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## Cozy Ice Cream

Heat is constantly flowing all around us: a roaring fire transfers heat to its surroundings, a mother cow transfers heat to her cuddling calves, and heat transfers between your skin and the air that it touches.

One way that heat flows is by conduction: heat flowing through matter by way of direct contact. When you hold a mug of hot tea or a glass of ice water, heat conducts through the wall of the cup between your hand and the liquid.

The net conductive heat flow $Q$ through an object is proportional to the difference in temperatures across the object and the inherent thermal conductivity $k$ of the object, a measure of how readily the material conducts heat:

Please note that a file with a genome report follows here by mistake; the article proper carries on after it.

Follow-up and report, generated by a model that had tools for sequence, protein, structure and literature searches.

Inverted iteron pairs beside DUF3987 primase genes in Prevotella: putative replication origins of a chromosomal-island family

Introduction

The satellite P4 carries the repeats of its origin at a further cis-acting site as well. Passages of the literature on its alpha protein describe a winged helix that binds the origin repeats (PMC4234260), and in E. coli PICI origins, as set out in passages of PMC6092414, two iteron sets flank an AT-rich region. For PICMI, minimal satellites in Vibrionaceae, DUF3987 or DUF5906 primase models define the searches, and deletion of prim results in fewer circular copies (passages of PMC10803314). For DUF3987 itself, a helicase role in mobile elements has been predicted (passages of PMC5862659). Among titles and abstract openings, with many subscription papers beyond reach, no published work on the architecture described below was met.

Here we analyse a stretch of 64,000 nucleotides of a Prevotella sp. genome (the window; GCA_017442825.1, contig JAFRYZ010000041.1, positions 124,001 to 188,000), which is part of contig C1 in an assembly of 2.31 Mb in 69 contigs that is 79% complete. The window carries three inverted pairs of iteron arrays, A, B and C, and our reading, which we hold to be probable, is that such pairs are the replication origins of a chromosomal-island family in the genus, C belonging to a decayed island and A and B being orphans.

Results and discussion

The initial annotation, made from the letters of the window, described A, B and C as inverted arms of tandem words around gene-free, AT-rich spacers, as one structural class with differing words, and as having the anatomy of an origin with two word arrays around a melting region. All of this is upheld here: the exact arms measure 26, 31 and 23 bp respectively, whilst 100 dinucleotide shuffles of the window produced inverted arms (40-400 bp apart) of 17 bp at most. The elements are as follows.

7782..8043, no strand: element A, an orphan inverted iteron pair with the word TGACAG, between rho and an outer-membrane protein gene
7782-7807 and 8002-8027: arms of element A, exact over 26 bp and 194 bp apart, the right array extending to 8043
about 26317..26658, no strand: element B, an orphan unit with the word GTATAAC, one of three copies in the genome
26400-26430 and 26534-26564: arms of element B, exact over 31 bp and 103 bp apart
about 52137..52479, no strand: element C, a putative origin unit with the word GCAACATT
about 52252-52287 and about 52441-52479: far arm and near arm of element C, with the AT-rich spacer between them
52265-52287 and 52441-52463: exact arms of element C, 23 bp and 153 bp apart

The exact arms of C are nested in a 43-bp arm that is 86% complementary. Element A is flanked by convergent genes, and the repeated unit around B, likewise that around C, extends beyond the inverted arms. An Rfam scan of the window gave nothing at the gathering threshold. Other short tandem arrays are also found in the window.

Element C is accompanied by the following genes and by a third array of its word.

$Q \propto k\times \Delta T.$

One place you see this relationship in action is when you wrap yourself in a blanket on a chilly day. Unless you're exercising, your body releases a more or less constant flow of heat to its surroundings.

But when you wrap yourself in a blanket, you're introducing a barrier to heat flow, corresponding to a lower $k.$ In turn, less heat escapes, raising your skin temperature until the larger $\Delta T$ across the blanket balances out the lower $k.$

Since your skin temperature has risen, thermoreceptors in your skin sense the increase in temperature and you feel nice and toasty.

# Today's Challenge

You take two cartons of ice cream out of the freezer, leaving them both on the counter, but wrapping one in a nice cozy blanket.

Which carton of ice cream will melt first?

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